The Arduino Serial Monitor is only able for basic serial communication but lacks capabilities that other serial monitors offer:

Serial Port Monitor by Eltima (SPM)

Image credits

This Serial Port Monitor is a great way to compare and analyze information sent from an Arduino. With this app, you’re able to:

Active monitor COM ports

This app allows for the monitoring of active serial ports once they are detected by the software. This allows for an immediate fix of bugs if one were to appear

Simultaneously monitor multiple ports

With SPM, you’re able to track activities of several COM ports at a time too, with data collection being based on first in, first out method

Filter data and access to visualization modes

Data can be filtered and simplified, allowing you to select what’s relevant. What’s more, is that the data can be displayed in different views; line, table, dump, and terminal.

PuTTY from Simon Tatham: Serial Monitor for Windows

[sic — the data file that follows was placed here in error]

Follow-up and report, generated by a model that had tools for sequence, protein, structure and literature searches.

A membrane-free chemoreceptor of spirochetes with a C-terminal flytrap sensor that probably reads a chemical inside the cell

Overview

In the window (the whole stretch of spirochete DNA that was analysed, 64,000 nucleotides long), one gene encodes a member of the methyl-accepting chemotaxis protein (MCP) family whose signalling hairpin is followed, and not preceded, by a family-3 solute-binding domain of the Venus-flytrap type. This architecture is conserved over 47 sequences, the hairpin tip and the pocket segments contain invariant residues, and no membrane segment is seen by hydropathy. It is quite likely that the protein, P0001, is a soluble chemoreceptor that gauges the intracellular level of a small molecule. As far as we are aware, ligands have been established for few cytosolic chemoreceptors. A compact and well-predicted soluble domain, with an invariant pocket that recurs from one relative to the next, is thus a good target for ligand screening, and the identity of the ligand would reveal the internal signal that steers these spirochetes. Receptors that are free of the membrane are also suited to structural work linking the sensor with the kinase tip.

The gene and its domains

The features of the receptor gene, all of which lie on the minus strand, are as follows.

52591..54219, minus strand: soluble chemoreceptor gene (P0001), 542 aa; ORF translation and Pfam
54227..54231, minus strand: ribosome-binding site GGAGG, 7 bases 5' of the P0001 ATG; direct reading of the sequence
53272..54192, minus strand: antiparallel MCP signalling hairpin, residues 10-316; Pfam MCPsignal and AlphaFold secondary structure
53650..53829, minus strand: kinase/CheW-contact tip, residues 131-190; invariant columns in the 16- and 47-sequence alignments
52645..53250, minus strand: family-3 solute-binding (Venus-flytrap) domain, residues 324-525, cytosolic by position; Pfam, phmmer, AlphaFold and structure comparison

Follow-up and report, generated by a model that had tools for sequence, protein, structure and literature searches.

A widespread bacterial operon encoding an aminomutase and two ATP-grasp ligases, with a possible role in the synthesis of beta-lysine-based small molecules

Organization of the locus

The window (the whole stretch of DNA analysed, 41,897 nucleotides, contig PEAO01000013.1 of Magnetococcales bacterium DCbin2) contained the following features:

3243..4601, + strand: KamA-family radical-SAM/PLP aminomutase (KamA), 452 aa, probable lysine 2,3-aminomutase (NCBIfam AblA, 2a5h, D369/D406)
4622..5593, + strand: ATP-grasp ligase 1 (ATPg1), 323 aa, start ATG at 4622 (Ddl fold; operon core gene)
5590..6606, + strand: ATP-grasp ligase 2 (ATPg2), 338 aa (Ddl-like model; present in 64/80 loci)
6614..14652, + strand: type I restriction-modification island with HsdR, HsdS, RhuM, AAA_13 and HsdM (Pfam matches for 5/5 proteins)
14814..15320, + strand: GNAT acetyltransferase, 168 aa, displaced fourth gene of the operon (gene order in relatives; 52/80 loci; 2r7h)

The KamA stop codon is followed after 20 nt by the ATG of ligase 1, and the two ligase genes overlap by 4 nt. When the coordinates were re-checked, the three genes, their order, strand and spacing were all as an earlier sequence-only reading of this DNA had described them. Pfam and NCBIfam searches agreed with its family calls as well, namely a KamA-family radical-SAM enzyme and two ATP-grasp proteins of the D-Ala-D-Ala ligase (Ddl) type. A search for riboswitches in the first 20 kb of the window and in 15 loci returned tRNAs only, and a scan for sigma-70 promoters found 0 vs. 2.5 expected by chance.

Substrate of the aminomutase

Another Arduino Serial Monitor alternative is PuTTY, a free SSH and Telnet Client.

With PuTTY, not only is it a good serial terminal option, it can handle telnet, ssh, and a host of other things as well!

If you’re using Windows, it’s a solid alternative to try!

Note: Usage of PuTTY is strictly prohibited in countries where encryption is outlawed. Do ensure you reside in a country that allows its usage. You may find useful information on usability here.

Screen: Serial Monitor for Mac, Linux

Screen is a command-line based fullscreen VT100 emulator. It makes a create terminal client, with the ability to “detach” from the current terminal to run in the background. Drop to a terminal and run screen!

What’s better; Screen is already on Mac and Linux, without having to download!

Resources and Going Further

Arduino Serial Monitor not working?

Try out the serial monitor with LED:

WiFi Shield Resources


That’s all for the Arduino Serial Monitor tutorial. If you would like to not only enable your Arduino with WiFi capabilities but try out a wide range of Arduino Serial Monitor capabilities, pick up the WiFi Shield V2.0!

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December 2019